The Courier News from Blytheville, Arkansas on August 11, 1952 · Page 7
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August 11, 1952

The Courier News from Blytheville, Arkansas · Page 7

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Blytheville, Arkansas
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Monday, August 11, 1952
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Page 7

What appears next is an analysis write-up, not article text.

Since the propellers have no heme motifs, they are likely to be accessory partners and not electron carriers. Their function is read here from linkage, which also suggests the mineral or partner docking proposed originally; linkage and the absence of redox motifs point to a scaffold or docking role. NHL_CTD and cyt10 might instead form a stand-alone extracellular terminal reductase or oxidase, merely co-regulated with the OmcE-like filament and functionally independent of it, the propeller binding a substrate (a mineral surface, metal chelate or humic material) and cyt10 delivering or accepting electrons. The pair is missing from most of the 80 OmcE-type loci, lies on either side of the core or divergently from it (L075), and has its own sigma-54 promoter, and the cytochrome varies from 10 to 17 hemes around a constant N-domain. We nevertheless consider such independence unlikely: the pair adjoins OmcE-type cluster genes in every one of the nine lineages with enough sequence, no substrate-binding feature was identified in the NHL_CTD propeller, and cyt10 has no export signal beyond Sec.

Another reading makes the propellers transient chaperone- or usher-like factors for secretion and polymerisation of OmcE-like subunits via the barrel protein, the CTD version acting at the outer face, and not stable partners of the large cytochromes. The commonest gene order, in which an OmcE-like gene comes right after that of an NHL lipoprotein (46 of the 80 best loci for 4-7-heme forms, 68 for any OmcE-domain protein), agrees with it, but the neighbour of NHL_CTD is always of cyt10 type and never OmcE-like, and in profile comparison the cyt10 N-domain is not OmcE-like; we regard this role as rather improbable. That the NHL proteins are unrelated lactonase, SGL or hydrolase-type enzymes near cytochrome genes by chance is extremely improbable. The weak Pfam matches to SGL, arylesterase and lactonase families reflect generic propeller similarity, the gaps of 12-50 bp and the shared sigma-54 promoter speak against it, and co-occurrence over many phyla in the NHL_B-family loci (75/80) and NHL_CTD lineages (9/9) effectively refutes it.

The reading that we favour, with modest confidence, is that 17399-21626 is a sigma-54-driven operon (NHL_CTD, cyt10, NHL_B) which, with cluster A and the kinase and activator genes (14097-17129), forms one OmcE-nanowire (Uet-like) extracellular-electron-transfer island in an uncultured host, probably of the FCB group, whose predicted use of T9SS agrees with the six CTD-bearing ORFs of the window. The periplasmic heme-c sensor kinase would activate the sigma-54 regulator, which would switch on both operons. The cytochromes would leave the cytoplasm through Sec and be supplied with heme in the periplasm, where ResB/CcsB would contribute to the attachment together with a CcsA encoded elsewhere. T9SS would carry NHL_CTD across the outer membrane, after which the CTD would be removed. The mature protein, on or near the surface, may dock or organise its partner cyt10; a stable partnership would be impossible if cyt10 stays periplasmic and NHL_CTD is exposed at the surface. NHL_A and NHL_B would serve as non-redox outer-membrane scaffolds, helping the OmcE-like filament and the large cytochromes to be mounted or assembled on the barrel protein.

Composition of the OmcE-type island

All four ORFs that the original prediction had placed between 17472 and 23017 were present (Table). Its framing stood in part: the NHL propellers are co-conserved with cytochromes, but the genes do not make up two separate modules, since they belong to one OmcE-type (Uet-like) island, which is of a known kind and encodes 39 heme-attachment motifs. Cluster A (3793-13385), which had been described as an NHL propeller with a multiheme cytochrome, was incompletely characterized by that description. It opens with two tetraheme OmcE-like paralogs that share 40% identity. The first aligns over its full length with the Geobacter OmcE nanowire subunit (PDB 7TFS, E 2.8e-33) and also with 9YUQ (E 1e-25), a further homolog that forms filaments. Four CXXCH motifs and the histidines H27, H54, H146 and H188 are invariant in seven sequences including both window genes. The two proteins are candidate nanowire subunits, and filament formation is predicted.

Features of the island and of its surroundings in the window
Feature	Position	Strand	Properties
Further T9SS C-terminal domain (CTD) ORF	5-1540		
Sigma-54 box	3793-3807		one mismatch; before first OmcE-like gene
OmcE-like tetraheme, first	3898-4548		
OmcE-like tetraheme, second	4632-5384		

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HONTUY, AUGUST 11, (ARK.) couRrra Lowly Browns Deal Indians' Pennant Hopes Severe Jolt Tribe Handed 6-3 Setback; Cards Win, Lose with Reds By RAf.ru RODF.N Associated Press Sports Writer Bill Veeck, liappy-go-lucky owner of the St. Louis Browns, is enjoying a laugh at the expense of his old p;il Hank Gveenbei'B, general manager of the Cleveland Indians. Greenberg recently charged the I 4-3, and St. Louis nnd Cincinnati major's master showman of trying divided a twin bill. The Cards won to knock the Indians out of th . American League pennant race by trading "good" players to the Clii- cajjo White Sox. Yesterday the lowly Browns' "embarrassed" the pennant hungry Tribe by beating Bob Lemon, 6-3. A victory would have moved the Indians lo within a game of the pace-setting New York Yankees. The Yanks and third-place Boston were rained out. In other American League games Philadelphia snd Washington .... from Detroit, 3-1 and 5-4. Brnnks Rained Out Haln curtailed action in the National League, wJpJng out games between Brooklyn's front - running Dodgers and Philadelphia and between the runner-up New York Giants and the Boston Braves. The Dodgers command the field by eight games. In the only games played, Chicago swept two games from Pitts- .burgh's tail-end Pirates, 9-5 nnd the opener. 3-2, and the neds tlie nightcap, 4-2, Cleveland's defeat was doubly bitter as former Indian Fred Marsh accounted for the deciding runs with a three-run homer in the fourth luning. Shuntr Beaten. Ageless Con Marrera bested Bobby Shar.tz, top candidate for the American I^ngue's most valuable player award. In the opener at V/a.shinglon. The Senators clipped Shant?,, who was gunning for his seventh straight victory and 21.st of the season, for 10 hits. The Cubs spoiled Ihe major league debut of Ron Necciai, minor league strikeout sensation in the opener at Plltsburgh. Necciai, who astounded the baseball world by striking out 27 tatters last Mas white pitching a no-hitter for Bristol. Tenn., In the Class D Appalachian League, was rocked for seven runs and 11 hit.s In six innings. ' Weinberg Selected For Ail-American Duty Mississippi County again this year will have two representatives In the All-Amerlcan high school football game at Memphis, Warren Weinberg, Osceola three- time all-state end, wa.s selected yesterday to take part In the East TS. West game which will be reel«d off at Memphis' Crump stadium Aug. 29. Weinberg was picked to play for the West forces In the game which Is sponsored annually by the Oklahoma chapter of the Wigwam Wise- men of America, a benevolent sports organization. The classy oXceola end will Join BIythei-ille's Me! Hay on the West team. Hay was picked earlier for a backfield slot on the West squad, •which will be coached by Nebraska'* Bill Qlnssford. Although he played three different positions for OsceoIa'E Seminoles last season. Weinberg Is rl- marily an offensive end and one If the state's best. His uncannyp ass snagging ability won him " a berth on the Class B all-state team tiiree consecutive years. Weinberg was the chief target for the bullet-like passes of Tommy Spiers. Osceola's fabulous T quarterback who Is now a member of the University of Mississippi squad. . At six-foot-one and 168-pounds, Weinberg Is built like an end, lanky and loose and his quick reflexes make him an ideal pass receiver. Besides his end duties Warren also* played quarterback and halfback I for the Semlnoles last year but his ; favorite spot In the lineup Is offensive flankman. Weinberg was a three-letter man at Osceola. He also starred in basketball and track. He plans to enter Washington University at St. Louis next fall. This will be the second straight year that Osceola will have a representative in the game. Last vear Coleman Lannlim. K tackle, saw service with the West team. SOUTIIKKN ASSOCIATION Atlanta Chattanooga New Orleans Mobile Memphis Nashville Little Rock Birmingham W 69 66 65 C2 62 55 54 Pet .661 .550 .533 .508 .500 .462 .447 .439 Brooklyn New York St. Louis . Philadelphia Chicago Boston Cincinnati Pittsburgh GB NATIONAL LI!AGUE W L Pi:I. 70 32 .688 ....62 40 .008 8 63 47 .573 1! Sfi 50 .S28 10 51 53 .505 18 44 60 .423 27 ....-16 C4 .418 28 32 81 .283 43',2 AMERICAN LEAGUE W I, Pet. GB New York 64 46 .582 Cleveland 62 48 .564 2 Boston . 57 47 .584 4 Washington 57 51 .528 6 Chicago 5854.518 7 Philadelphia. ....53 50 .515 1 St. Louis 47 G5 .428 18 Detroit 37 74 .333 27',i YESTHHDAY'S RESULTS Southern League New Orleans 8-2 Chattanooga 1-; Atlanta 10-0 Little Rock 7-1 Afemphip R-4 Birmingham 2-1 Nashville 7-1 Mobile 4-0 National League St. Louis 3-2 Cincinnati 2-4 Chicago 9-4 Pittsburgh 6-3 New York at Boston (2) postponed rain Brooklynat Philadelphia postponed raiD American League Washington 4-2 Philadelphia 2-4 Chicago 3-5 Detroit 1-4 St. Louis 6 Cleveland 3 Boston rain at New York postponed Gee and Buzick to Play This Week for Golf Title K. B. Gee, Jr., University of Arkansas golfer, and John Buzick, big MoncUe linksmen, will meet someUme late thi» veek or early next week to match strokes for the oham- ilonship of lilylhevillc's Country Club. The incellnB lias tentatively been zorb.ick golf tram thta year and for -SnhH-dfly but may who was class A Arkansas high school champ IN TUIKD 1'I.ACB—llie Yarbro Co-Ops are currently holding down third place In the Midget Baseball League standings, thanks to a fast start. The Co-Ops ran neck and neck with the championship Lions Club team ill the early weeks 'of the season hut relaxed a little in the latter weeks. Members of the team are (front row, left to right) Johnny Plunkett, Don Bunch, Clyde Griffin, Steve McGuirc, David Fowler, Willis lihodes, and Dick Wyatt. .Second row—Mm Bruce, Ray Dean Ward, John Hoffner. Bill Wyatt. Edward Moore, rjavic Barnes and Thomas Viiicenl. (Courier NCIVS 1'liolw) Middlecoff, Boros in Playoff Today for Tarn's Top Money By JEIIRY I.ISKA CHICAGO IIP)— National Open Champion Julius Boros and coil's wealthiest stroker of 1952, cary Mid dlecoff, met today in nri 18-hole playoff for golfs biggest prize, the $25.000 top payoff of the "world"' meet The showdown will resolve the deadlock Middlecoff and Boros created by finishing the f!)0,000 Tan O'Sliantcr show yesterday with identical 276"s. 12 under pur. Some sharp bickering marked the •! high-pressure chase after promoter George S. May's rich endowment, which includes a $12/500 second-spot bundle for the Loser of today's pliiy- \ TODAY'S GAMES Southern League Birmingham nt Little Rock New Orleans at Nashville (Only games scheduled) Weekly Sports Calendar MONDAY Bay Window League —' American United Life vs. 61 Implement Co Little Park, 5:30 p.m. Commercial League — Farmers Bp.nk vs. Courier News. Park, 5:30 p.m. TI'KSDAV Midget League — notary club vs. Warren Weinberg 5:30 p.m. Ninth American Legion, Street Park. Bay Window League — Sirlllvan- Nelson vs. Moose Lodge, 5:30 p.m. Little Park. Commercial League — Duro- Chrome vs. Ark-Mo Power, 5:30 p.m. Maloney Park. WF.IJNESUAY Midget League — Kiwanis Club vs. Lions Club, 5:30 p.m. Ninth Street Park. Bay Window League — Mead's vs. Y, 5:30 p.m. Little Park. THURSDAY Maloney ! Midget, League — Jaycees vs. Yarbro, 5:30 p.m., Ninth Street Park. Read Courier News Classified Ads National T-fagrja New York at Boston—(2)—Jansen <ll-'n and Maglie (11-5) vs Wilson <10-9> and Burdette (4-5). Brooklyn at Philadelphia—(2) — Lalldium (1-0) and Wade (11-2). Si. Louis at Chicago—Staley (1310) vs Kelly (2-7) or Shiiltz '(1-1). Cincinnati at Pittsburgh—Wehmeier 4-9) vs Hogue (1-3). American League Chicago at St. Louis—Stobbs (78) vs Bearden (5-2). Detroit at Cleveland—Wright (65) vs Teller (8-11). off. Three players — Davo Douglas. Jack Burke and Ed Furgol, who shared lesser loot—complained that Mid'llecoff Mowed up proceedings 45 minutes to accommodate televising of the finish. Tins trio protested that the delay, ordered by meet, sponsors, cooled off their games as they stood around leaning on their clubs. Douglas was the foremost finisher in the posl-Middlecoff threesome, winding up at 279 in a fifth place tie with pre-ineet favorite Sammy Snead, to collect $2,350. Douglas shot a closing 68. Third spot, a stroke behind the deadlocked Middlecoff and Boros, was shared by Argentina's Roberto de Vincenzo and the 36-hole leader. Jim Ferrler, who each Docketed a tidy 54.000 for their 227's. Mlddlecoif. 31-year-olrt pro of live r promoter ' , , ndowment, I 1 1 V _ _ „ f^\ I _J /"* _._._"_ I J I econd-spot 1 I - I G3 f-V^/ Q VjGOrQB l_3 Q IS ' ^ • ^.j i «-j i_«^iv^ u C -. -> ,_ R/-NV P><=1 V l-v\ / (" U -» m i-v OOdU DOX L^GrDV Vw, li 3 fTI D ~ / r iiy FRITZ HOYVEI.L AKRON. O. Mv-The deep South boasted its first Soap Box Dorb champion today, wide-eyed 11-year-old Joo Lunn of Thomasville, G The_ 87-pound fourth grader won his sleek little homemade rac the 15th annual -classic yesterday, defeating 153 other aspirants from the United Slates, Canada, Alaska and Germany. The bashful kid who •.vr.nis to be a doctor when he "grows up." received a S5.000 four-year college scholarship as first prize. Tha little fellow won it the hard way too lor defying contender. As he fashioned a 32-36—67 to match the 27B of the earlier—finishing Middlecoff. The overshadowed out still lucrative "world" women's pro meet went years, has won $15,239 to lead the | lo a silver-haired Texan, Betty pro golfers to date. If he should turn back Boros, Middlecoff will have clinched one with some $40,000 un the Shot a M Ironically, when Middlecoff was j introduced at the first tee yesterday Philadelphia at Washington (2) las the 1952's top money-winner he Kellner (8-19) and Fowler (1-1) vs Masterson 16-5) and Consuegra (5-0). Boston at New York—Brodowski (5-4) vs Reynolds (13-7). Tag Bout Booked On Wrestle Card Toughies Red Roberts and Sockeye McDonald are stated to team tonight as regulation tag team wrestling returns to the Memorial Auditorium wrestling program. Promoter Mike Meroney has booked Roberts and McDonald to oppose Joe Welch nnd Johnny Henning in the main event. Tonight's performance will mark the return of Roberts offer an absence oE several months. In the tvro preliminary bouts. McDonald is scheduled lo meet H^n- ning and Roberts will take on Welch. quipped: "That'll be the last time you'll hear that this year." Then he proceeded to shoot phenomenal round of 31-33—-64, the} ihnio rounds. •Jameson of San Antonio, v.'ho stood off rugged Patty Berg of Chicago by a stroke to capture the $5.000 first prize. She had a 303. Defending C h u m p t o n Frank Stranahan of Toledo, Ohio, zoomed off with his third strnight "world" amateur crown with a rccord-brcnk- ing 280, Hn finished nine strokes ahead of Bill Campbell, Huntington, W. Va., leader over the first best since Lloyd Mangrum fried „ Tarn record — making 32-31—6.? in the 1948 world. Boros, who won the 1952 National Open as an unheralded pro of only three years, was again a prc5surc- ot occur until Monday, dee. who lettered with the Ra- Jlodgeft Wins City Net Title Smith is Defeated. In Finals of Y's Tennis Tournament nob BlodgeU Is niythevllle's new city tennis champion. He won the honor yesterday by defeating A. B. Smith i n the linnls if the Y's city tennis tournament. Blodcett Ki-abberl the championship by dcfcntinR Smith two out or hrce sets. He took the first set lost the second and won the third. A trophy .presented by tire Y, goes with the championship. By wlnnlnp; the 1952 tournament. BlotlgcU replaces J. L. Thompson as the city tennis champion. Thompson entered the tournament this year and got as fnr ns the semi-finals, where he was heat- en by Smith. .. _ few years back, gained Ihe finals by virtue of th» biggest upset In the tournament when he eliminated defending champion Bill Joe Denton of Wilson. Thai match was all tied up at the end of 18 holes and Gee won on (lie next hole in the "sudden death" playoff. Bnzick has long been rated M one of the mid-south's best amateur golfers. He recently qualified for the National Amateur Tournament whieh will be played in Seattle. Wash, but will not make Ihe trip. Play In other nights has been completed. Professional Paul Farlington reported. I. II. Coleman defeated Dick Bell In the finals of the first flight and James Terry wnn over John Lent! i" the championship consolation finals. Venion Thomassmi brat B. A. Lynch for second flight honors and Richard Becker won out over Eugene still in the third flight. Ben Butler. Sr.. was victor over Colemnn Stevens in the third flight's consolation bracket and J. K. Bens-Icy topped C. C. Councllle to tnkc the second flight's consolation. Mai or League Leaders AMERICAN LEAGUE BATTING — Fain, Philadelphia. .334; Wondline. New York, 325- Kell. Boston. .324. RUNS—Joost. Philadelphia. 10: Berra. New York, 13; Mlnoso, Chicago, 72. HITS—Fox. Chicago, 142; rtob- order, were KngleTwrt J. OechJjle- of Rochester. N. Y., Raymond M. Oot- ko of Washington, D. C., Dick Miner of San Diego, Calif.. James Mooney of Charlotte, N. C,, Ed D. Malloy of Durham, N C.. Sam Slelner of Limn. o., and Dnvid Grubbs of Pittsburgh. Inson. Chicago. 132; Avlla, Clevs- Iniul and Pain. Philadelphia. 125. HOME RUNS—Doby, Cleveland. ; Berra. New York, 23; Zernlal, Philadelphia, 21. PITCHING — Consuegra. Washington. 5-0, .1.000: Raschi, New York. 13-2, .870; Shantz, Phlladel- pia, 20-4. .833. . . 2 u NATIONAL LEAGUE BATTING — Musial, St. Loilll, .325; Lockman. New York «n4 guszewski, Cincinnati, .308. HITS — Schoendtensl. St. Louis, 137; Adnms. Cincinnati, and Mil- slal, SI. Louis, 134, PITCHING—Saner, Cicago, 2«; Hodges, Brooklyn, 23r Kiner, Pittsburgh, 22. PITCHING—Roe, Brooklyn, «-l, .880; Wlmclm. New York, B - 2, .818; Yllhas, St. Louis, 8-1. .800. was almost, wrecked when he loj control nnd hit n guard rail aft£ finishing on top In his first heat A heavy cross wind made dri\ ing precarious down the 915-foi concrete Derby Downs, several i the youngsters having trouble riu ing the heats which were run off every 105 seconds for two hours anil 35 minutes. Used Adhesive T:i|« The officials had to give Joe a bit of extra time to patch up his soap box after the crash. He vised a (lock of adhesive tape to fix the nose and to hold the front axle In place and then came back to win four more heats. .The finale was a classic as (he Southern kid flashed across the finish line In 27.77 seconds, fastest time of the day. He nosed out James Thormvs of Danville, Pa,, (he second placer, and Victor C. Shepherd of Flint, Mich., v,'ho wound up third. Back of the three leaders, In this REGISTRATION BLANK Fishing Rodeo Walker Park Aug. 23 and Aug. 27 !, the undersigned, do hereby apply for 'registration in the DlytlieviJIe Fishing Rodeo •( Walker Park. I certify that T am not older than 15 years of age and that I will comply with all rule* and regulation* »f the rodeo to the fullest extent. Address ............................ R ac€ ...... (Mall or take registration blank to Police Department In CHj H»lt) The "world's women's amateur rtiamplon was national collegiate s litlist, Mary Ann Villesas of New Orleans, who rallied to win by a ' stroke over Joyce Ztske of Waterford. Wls., 325 to 32S. BLYTHEVILLE LEGION ARENA WRESTLING Monday, Aug. 11 8 p.m. TAG MATCH Sockcyc McDonald & Red Roberts Adults 50c—Children 15c vs. Joe Welch & Johnny Henning Also 2 1-Fall Matches 90 Minute Time Limit McDonald Vi. Henning Roberts vs. Joe Welch We Finance Auto & Truck Repairs Now you can have your car or truck repaired and pay as you ride! Don't put off having repairs done today. A delay today will lead to greater cost tomorrow. Come to Blyrheville Motor Co. and we'll be glad to finance all these repair and,service jobs . . . check the long list at the right. COMPLETE REP AIRS-ALL CARS AND TRUCKS New Engines Transmission Service Engine Overhaul Starters Repaired Generator Service Engine Tune-up Glass Replaced Body Repairing Painting Polishing • Brake Repairs • Washing • Lubrication • Oil Change • Wrecker Service Wheels Balanced - Front End Alignment - Frames Straightened "Seeing Us Today Will Save You Money Tomorrow' lytheville Co. 1st & Walnut Phone 4422